SM 04 – Sep 11
Bedwell Park was the home of Robert Hanbury, son of Robert Hanbury Snr, who was a Senior Partner in the firm of Truman, Hanbury and Buxton, one the leading brewing firms in London. Robert Snr lived at Poles Park – a few miles away near Ware – where James Pulham and Son had worked in 1865. Shortly before his early death (at the age of 44) in 1867, Robert Jnr commissioned James 2 to construct a:
‘Fernery, and cliffs to hide walled garden; Root House for ferns and shrubs . .’
. . at Bedwell Park – possibly after seeing what the firm had done for his father at Poles Park. There was a Walled Garden at Bedwell Park, only about 80 yards away, and in direct line of sight from the house, and the idea was to screen the tall, blank wall from view – in much the same way as the rockwork in Battersea Park was built to screen the view of Clapham Junction railway station, discussed in Chapter 6 of the book.
Fig 3 – Entrance to a tunnel leading to the fernery at Bedwell Park
The wall is about 15-18ft high, and, when I visited in 2002, was still in very good condition, and reasonably maintained. Fig 1 is a picture of the blank wall, taken from inside the garden, and Fig 2 shows the outside – which is about 50 yards long, and visible from the house. It is covered with Pulhams’ rockwork ‘cliffs’, which extend a short way round the corners at each end, and there are planting pockets all along it.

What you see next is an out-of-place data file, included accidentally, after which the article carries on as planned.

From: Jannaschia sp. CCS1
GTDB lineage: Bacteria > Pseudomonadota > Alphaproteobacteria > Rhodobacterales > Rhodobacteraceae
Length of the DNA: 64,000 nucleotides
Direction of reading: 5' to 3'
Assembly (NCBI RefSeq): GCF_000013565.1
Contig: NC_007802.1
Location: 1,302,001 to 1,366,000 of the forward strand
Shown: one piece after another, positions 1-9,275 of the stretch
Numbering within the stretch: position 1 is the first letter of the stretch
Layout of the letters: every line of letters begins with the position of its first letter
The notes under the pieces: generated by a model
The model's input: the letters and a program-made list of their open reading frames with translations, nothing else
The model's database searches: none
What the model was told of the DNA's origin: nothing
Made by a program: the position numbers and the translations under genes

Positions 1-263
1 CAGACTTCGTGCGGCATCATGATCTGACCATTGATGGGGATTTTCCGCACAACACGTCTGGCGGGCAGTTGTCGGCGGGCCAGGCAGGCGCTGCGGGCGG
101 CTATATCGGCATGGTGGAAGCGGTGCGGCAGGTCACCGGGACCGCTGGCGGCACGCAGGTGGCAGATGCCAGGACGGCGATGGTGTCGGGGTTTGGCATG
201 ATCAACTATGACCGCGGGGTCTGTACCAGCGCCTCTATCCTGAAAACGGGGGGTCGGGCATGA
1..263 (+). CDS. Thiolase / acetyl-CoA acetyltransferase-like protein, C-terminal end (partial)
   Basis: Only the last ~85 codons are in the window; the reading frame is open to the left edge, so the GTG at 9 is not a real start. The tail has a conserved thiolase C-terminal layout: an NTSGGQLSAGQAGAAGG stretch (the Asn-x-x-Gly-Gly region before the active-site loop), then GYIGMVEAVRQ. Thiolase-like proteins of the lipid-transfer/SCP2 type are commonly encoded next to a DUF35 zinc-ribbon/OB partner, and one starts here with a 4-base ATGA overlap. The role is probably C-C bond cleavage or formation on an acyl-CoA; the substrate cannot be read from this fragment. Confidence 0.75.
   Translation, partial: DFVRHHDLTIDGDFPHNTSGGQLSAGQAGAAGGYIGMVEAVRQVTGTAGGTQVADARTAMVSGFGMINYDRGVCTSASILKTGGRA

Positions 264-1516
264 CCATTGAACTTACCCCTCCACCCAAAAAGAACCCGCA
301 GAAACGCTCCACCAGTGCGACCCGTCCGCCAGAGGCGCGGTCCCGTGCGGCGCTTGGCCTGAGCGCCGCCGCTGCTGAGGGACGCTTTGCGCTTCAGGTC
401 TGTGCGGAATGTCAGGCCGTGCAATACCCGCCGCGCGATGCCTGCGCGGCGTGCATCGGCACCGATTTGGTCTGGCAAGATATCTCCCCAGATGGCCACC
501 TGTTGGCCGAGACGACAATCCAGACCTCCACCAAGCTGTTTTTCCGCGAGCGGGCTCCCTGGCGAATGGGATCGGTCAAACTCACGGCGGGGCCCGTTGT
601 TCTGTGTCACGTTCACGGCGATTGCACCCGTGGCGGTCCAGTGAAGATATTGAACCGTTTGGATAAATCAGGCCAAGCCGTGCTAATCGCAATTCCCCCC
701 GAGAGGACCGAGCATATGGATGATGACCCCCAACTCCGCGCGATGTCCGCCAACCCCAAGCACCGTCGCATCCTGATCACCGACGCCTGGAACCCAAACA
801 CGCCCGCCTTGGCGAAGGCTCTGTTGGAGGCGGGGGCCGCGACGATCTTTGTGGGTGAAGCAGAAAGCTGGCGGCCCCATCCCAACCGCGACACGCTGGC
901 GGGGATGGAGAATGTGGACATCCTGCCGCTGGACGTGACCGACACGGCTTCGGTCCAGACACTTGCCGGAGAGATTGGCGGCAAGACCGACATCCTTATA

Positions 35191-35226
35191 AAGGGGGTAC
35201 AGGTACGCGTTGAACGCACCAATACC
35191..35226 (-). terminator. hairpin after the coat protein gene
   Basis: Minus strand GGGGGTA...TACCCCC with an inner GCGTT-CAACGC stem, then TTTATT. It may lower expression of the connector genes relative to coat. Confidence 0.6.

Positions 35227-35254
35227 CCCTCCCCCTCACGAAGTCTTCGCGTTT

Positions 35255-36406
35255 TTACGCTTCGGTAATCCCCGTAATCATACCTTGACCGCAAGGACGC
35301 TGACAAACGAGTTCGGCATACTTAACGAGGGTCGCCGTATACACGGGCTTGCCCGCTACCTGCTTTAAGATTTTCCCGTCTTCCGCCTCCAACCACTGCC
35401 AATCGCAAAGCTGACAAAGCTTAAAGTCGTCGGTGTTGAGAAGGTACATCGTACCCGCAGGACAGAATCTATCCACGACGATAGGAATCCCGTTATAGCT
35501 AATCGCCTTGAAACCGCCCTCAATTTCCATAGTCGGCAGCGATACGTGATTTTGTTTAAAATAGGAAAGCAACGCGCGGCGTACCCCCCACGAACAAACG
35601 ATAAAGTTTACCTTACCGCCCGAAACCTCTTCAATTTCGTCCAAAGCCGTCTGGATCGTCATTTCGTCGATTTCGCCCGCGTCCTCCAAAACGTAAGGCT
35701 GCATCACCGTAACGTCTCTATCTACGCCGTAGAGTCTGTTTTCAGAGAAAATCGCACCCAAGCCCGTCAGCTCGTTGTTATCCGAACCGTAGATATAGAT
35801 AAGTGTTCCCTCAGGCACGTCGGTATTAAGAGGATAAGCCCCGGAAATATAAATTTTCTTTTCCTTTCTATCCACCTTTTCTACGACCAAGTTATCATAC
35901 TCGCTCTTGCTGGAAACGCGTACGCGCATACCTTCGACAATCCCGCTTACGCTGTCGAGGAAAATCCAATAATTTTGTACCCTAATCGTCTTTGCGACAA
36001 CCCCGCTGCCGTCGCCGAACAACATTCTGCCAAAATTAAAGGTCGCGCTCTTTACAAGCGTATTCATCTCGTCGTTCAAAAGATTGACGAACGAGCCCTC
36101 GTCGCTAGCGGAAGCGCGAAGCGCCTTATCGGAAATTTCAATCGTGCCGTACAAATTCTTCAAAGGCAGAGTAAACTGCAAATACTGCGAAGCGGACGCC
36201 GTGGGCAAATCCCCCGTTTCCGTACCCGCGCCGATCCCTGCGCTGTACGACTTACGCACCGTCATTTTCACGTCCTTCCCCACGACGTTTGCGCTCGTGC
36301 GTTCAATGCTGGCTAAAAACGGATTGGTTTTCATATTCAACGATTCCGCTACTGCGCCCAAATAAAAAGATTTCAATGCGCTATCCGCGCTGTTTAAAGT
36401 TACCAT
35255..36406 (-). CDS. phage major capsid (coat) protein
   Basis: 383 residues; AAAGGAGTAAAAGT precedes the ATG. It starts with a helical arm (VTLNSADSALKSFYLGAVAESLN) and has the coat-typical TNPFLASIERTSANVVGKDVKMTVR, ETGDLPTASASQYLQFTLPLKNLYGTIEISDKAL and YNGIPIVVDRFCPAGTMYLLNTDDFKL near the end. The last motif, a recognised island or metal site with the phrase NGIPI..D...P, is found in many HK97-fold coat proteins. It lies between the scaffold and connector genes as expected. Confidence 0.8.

Fig 4 – Small grotto, or dropping well, at end of wall
Fig 5 – A ‘Pulham Face’ to fend off evil spirits
There is the entrance to a small tunnel about half way along the wall – shown in Fig 3 – and this turns out to be the entrance to what must have been the fernery or ‘root house’ mentioned in Pulham’s notes. It is quite small, quite out of sight, and used to have a glass roof, but that no longer exists. There is also a small grotto, or dropping well, at the left end of the wall, and this is shown in Fig 4.
Walking back to the house from the ‘cliff,’ I noticed a typical ‘Pulham face’ on the wall of the house, between the two windows, shown in Fig 5. Pulhams often modelled faces to adorn the outside of doors or windows, and this is believed to hark back to the superstition that they helped to keep the evil spirits at bay.
Looking in through the windows, to what was then the dining room of the London Hatfield Golf Club – soon to be sold for redevelopment – I then saw a freshly painted plaster ceiling, shown here in Fig 6. The Pulham craftsmen used to be expert plasterers, and elaborately ornate plaster ceilings can be found at many places where the firm are known to have worked on landscaping projects, so – although I have so far found no documentary evidence to substantiate such a claim – I like to think that these may be further examples of their work.